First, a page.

Paranormal Versus Xenonormal

Should paranormal researchers really be researching the paranormal at all?

By , Columnist

A quiet revolution is underway in paranormal research. The idea involved is not new -- it’s been around for a few years now -- and it hasn’t captured the hearts and minds of too many people yet, but it’s an idea with potentially wide-reaching implications and it might just be gathering momentum.

It’s based on a simple question: should paranormal researchers be researching the paranormal at all? Should they instead be researching the “xenonormal”?

That peculiar word means “foreign normal”. According to the UK’s Association for the Scientific Study of Anomalous Phenomena, it consists of “events that, in certain circumstances, resemble the paranormal, even though they are not.”

As a simple illustration, the bright appearance of the planet Venus occasionally and famously gives rise to UFO reports. This is not because the witnesses are stupid but simply because they’re seeing something unfamiliar to them. It’s a similar situation with hearing unsettling noises in a strange house at night, and wondering whether the building is haunted.

Essentially, the idea behind the xenonormal approach is to study the ways in which natural events can generate reports of UFOs, ghosts, and so on, and build up a body of knowledge on this subject.

In effect, this approach turns paranormal research on its head. Instead of searching for proof for the paranormal the emphasis is placed on looking for ways to eliminate the normal and then examining what, if anything, is left over. Sherlock Holmes would be proud!

The approach does not appeal to everyone, and one reason for this is that it can seem far removed from the thrill of exploring the fantastic. Consider orbs, for instance. Many sceptics proclaim that orbs are caused by dust particles, whereas many ghost hunters believe (some) orbs to be paranormal, often citing the orbs’ behaviour as evidence for this. But how many ghost hunters -- or sceptics -- can truthfully claim to have based their conclusions on a detailed knowledge of the way dust behaves? Studying dust is just the sort of approach xenonormal researchers might take, and you can understand why theirs might be a lonely path.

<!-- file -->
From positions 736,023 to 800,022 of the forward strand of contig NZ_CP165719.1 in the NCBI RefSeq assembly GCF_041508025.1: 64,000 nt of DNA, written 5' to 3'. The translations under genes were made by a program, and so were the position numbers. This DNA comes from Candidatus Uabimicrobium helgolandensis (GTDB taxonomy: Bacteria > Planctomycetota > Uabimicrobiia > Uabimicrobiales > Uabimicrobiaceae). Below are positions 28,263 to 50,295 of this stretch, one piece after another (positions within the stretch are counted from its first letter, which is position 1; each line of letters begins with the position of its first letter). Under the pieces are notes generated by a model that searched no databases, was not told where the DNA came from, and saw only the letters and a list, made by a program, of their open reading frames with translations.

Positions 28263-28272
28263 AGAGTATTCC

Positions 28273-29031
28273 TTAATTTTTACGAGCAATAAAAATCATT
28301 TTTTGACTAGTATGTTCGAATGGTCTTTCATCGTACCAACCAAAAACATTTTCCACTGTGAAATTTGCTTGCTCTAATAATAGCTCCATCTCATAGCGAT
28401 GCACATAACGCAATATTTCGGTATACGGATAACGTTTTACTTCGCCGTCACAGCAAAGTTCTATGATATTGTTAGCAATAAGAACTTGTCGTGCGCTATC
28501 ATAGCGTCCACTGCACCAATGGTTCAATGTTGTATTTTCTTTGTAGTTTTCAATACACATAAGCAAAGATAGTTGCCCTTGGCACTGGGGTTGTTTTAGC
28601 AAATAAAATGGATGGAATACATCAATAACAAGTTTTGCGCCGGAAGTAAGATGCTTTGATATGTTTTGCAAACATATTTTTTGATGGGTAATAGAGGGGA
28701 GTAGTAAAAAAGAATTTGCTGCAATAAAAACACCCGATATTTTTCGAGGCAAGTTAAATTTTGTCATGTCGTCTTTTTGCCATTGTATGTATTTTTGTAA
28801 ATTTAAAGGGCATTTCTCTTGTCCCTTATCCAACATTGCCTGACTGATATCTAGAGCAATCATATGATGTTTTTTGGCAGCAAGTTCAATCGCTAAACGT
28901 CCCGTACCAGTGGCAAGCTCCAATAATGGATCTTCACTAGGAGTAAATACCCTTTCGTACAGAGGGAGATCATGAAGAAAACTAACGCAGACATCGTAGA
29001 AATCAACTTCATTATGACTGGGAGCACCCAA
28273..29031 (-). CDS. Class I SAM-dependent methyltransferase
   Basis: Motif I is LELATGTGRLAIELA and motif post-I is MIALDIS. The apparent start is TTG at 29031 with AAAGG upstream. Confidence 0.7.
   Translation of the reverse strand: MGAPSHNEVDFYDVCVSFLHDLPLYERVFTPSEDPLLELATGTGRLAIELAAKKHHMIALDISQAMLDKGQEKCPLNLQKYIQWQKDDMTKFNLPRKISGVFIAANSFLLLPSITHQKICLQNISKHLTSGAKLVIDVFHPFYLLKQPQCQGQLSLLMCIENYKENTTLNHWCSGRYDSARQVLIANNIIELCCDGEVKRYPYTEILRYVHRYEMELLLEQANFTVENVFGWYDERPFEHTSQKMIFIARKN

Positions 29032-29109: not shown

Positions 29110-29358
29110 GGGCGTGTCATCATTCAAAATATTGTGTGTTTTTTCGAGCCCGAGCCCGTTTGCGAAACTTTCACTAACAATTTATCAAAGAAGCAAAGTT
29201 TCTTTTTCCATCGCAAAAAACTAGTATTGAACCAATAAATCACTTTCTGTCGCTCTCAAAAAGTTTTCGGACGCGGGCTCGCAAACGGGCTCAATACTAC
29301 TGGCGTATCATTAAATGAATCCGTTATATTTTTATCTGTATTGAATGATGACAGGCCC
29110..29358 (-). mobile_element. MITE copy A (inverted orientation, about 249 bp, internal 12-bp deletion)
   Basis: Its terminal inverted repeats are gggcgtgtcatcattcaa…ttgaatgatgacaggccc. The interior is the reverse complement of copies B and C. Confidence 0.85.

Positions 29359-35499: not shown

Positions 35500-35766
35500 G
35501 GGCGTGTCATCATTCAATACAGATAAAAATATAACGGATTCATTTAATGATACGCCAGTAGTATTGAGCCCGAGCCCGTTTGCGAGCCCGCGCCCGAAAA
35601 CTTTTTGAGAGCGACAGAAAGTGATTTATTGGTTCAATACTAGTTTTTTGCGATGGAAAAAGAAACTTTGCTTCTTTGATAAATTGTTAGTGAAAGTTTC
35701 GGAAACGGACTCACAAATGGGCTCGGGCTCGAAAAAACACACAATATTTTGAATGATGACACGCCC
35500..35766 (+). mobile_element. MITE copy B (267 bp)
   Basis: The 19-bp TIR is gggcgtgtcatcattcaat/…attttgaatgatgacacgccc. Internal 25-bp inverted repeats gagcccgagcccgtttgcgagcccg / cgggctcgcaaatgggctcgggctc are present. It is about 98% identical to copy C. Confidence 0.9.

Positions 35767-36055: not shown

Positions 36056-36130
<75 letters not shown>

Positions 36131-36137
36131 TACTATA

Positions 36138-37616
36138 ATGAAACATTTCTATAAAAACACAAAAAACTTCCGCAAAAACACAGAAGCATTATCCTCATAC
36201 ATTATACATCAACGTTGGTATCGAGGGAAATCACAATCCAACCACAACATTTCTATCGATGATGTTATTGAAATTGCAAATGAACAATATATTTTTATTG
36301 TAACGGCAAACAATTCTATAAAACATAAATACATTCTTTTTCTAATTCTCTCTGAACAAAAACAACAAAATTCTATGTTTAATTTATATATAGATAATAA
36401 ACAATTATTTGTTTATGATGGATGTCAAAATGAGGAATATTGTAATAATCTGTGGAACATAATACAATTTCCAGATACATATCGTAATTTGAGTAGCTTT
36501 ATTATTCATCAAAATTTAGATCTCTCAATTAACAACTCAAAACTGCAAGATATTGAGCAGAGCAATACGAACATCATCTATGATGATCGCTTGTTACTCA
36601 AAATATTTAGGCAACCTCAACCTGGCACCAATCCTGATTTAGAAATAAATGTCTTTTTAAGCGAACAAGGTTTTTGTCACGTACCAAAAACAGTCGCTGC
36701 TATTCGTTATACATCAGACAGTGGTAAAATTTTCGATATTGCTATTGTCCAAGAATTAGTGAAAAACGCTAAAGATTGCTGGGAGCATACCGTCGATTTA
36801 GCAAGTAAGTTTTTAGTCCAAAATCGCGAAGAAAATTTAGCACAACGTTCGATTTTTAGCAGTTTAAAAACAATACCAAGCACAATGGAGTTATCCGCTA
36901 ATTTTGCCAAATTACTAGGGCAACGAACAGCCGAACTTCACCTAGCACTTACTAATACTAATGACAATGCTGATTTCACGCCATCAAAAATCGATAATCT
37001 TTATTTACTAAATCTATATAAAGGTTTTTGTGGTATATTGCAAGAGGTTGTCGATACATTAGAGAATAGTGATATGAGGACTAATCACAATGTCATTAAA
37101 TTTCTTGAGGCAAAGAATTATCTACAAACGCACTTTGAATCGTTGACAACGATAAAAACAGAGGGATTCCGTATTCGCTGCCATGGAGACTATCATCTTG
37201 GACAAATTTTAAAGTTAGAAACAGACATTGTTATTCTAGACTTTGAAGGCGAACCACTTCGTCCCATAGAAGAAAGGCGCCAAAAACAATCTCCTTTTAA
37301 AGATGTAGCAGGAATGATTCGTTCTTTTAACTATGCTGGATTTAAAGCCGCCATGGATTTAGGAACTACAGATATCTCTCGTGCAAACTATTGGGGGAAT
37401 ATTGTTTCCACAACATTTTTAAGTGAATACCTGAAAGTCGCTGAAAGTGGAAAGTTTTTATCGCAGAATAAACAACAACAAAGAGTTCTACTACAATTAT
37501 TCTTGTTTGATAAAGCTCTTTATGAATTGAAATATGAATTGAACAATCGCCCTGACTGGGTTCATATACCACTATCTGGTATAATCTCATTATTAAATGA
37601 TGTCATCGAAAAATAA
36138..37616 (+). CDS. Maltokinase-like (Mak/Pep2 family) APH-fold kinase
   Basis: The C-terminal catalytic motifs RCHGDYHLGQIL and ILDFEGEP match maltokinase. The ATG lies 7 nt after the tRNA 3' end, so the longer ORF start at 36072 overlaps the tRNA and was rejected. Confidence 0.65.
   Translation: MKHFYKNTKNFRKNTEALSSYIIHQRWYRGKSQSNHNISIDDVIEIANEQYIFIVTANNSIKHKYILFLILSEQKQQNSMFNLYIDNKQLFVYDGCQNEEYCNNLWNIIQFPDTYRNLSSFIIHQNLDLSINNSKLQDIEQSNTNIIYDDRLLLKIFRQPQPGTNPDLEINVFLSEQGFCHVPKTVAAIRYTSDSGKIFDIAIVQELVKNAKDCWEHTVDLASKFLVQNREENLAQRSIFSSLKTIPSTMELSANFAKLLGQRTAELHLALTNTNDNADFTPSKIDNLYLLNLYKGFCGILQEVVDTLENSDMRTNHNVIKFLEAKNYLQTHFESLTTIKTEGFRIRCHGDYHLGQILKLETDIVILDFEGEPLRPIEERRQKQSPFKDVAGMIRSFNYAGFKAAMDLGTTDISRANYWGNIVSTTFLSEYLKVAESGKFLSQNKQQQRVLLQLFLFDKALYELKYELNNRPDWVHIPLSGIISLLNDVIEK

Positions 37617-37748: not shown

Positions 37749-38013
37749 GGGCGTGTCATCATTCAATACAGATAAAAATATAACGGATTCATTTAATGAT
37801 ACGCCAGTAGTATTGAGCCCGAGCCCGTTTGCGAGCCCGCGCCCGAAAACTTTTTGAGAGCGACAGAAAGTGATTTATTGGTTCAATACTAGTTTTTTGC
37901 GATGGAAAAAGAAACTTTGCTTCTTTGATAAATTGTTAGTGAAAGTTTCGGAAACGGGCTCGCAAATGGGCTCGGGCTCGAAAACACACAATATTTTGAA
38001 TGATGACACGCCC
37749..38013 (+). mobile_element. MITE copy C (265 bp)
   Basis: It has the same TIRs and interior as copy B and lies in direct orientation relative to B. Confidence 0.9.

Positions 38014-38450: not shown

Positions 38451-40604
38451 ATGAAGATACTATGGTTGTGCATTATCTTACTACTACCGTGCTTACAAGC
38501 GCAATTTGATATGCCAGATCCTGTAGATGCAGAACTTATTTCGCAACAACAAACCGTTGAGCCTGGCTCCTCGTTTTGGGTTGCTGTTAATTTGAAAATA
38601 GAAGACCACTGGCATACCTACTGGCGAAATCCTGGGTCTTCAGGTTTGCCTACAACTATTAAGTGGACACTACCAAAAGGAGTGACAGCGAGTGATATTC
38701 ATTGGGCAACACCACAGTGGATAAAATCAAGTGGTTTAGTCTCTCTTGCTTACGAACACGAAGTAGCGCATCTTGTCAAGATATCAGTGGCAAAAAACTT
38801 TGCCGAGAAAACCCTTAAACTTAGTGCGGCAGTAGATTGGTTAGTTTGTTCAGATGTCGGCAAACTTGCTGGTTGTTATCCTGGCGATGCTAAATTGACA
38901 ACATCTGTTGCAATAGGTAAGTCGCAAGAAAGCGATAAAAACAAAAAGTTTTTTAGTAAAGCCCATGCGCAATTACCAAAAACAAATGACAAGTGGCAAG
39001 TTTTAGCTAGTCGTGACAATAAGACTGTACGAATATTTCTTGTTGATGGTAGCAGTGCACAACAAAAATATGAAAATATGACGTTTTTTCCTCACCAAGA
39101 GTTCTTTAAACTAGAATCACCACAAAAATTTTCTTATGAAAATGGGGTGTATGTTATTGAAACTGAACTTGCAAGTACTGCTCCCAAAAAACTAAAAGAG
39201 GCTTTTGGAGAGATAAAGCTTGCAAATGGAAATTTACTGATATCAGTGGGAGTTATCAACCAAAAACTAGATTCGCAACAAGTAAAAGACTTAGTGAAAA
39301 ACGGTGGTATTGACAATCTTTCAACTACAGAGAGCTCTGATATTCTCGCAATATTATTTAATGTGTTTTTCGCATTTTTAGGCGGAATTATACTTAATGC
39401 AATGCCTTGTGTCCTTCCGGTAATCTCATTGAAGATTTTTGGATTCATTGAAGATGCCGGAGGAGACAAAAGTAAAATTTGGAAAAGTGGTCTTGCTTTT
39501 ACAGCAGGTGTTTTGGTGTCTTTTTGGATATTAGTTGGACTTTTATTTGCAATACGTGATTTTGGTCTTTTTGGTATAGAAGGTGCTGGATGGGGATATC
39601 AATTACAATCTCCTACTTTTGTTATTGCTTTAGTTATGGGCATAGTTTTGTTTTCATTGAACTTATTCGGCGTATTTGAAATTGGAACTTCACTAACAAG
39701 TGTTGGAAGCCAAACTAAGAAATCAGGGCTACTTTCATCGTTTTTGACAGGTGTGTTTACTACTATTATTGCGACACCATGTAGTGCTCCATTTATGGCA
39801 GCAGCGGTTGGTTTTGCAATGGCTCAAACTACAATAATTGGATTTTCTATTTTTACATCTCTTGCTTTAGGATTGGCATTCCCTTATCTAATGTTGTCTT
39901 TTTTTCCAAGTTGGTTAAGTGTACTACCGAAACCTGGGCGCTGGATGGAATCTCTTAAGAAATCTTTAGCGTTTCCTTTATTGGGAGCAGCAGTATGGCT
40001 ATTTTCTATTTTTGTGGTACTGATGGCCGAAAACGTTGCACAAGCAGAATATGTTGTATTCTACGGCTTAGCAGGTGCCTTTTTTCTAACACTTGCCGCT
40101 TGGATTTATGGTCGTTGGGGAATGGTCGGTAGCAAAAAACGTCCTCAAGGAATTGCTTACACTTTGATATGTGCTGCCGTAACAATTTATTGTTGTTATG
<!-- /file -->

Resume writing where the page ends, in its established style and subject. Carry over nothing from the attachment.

They have their excitement too, however, because an important aspect of the xenonormal approach involves gathering knowledge from the cutting edges of scientific discovery. The fast-moving frontiers of neuroscience, for instance, are a great source of inspiration because of what is currently being revealed about the ways in which we see, hear, and otherwise experience the world around us.

The issue of whether to focus research on the paranormal or the xenonormal divides opinion, often very strongly indeed.

Some find the xenonormal approach appealing because it enables researchers to make steady progress, using scientific methods to build up a body of solid and repeatable evidence.

Others, though, are left cold by the whole idea. To put it kindly, they think it misses the entire point of studying the paranormal in the first place!

What do you think?

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James Clark is a freelance writer based in deepest, darkest south London, UK. His latest book, "Haunted Lambeth", exploring ghosts and legends from the London Borough of Lambeth, is due out in February 2013.

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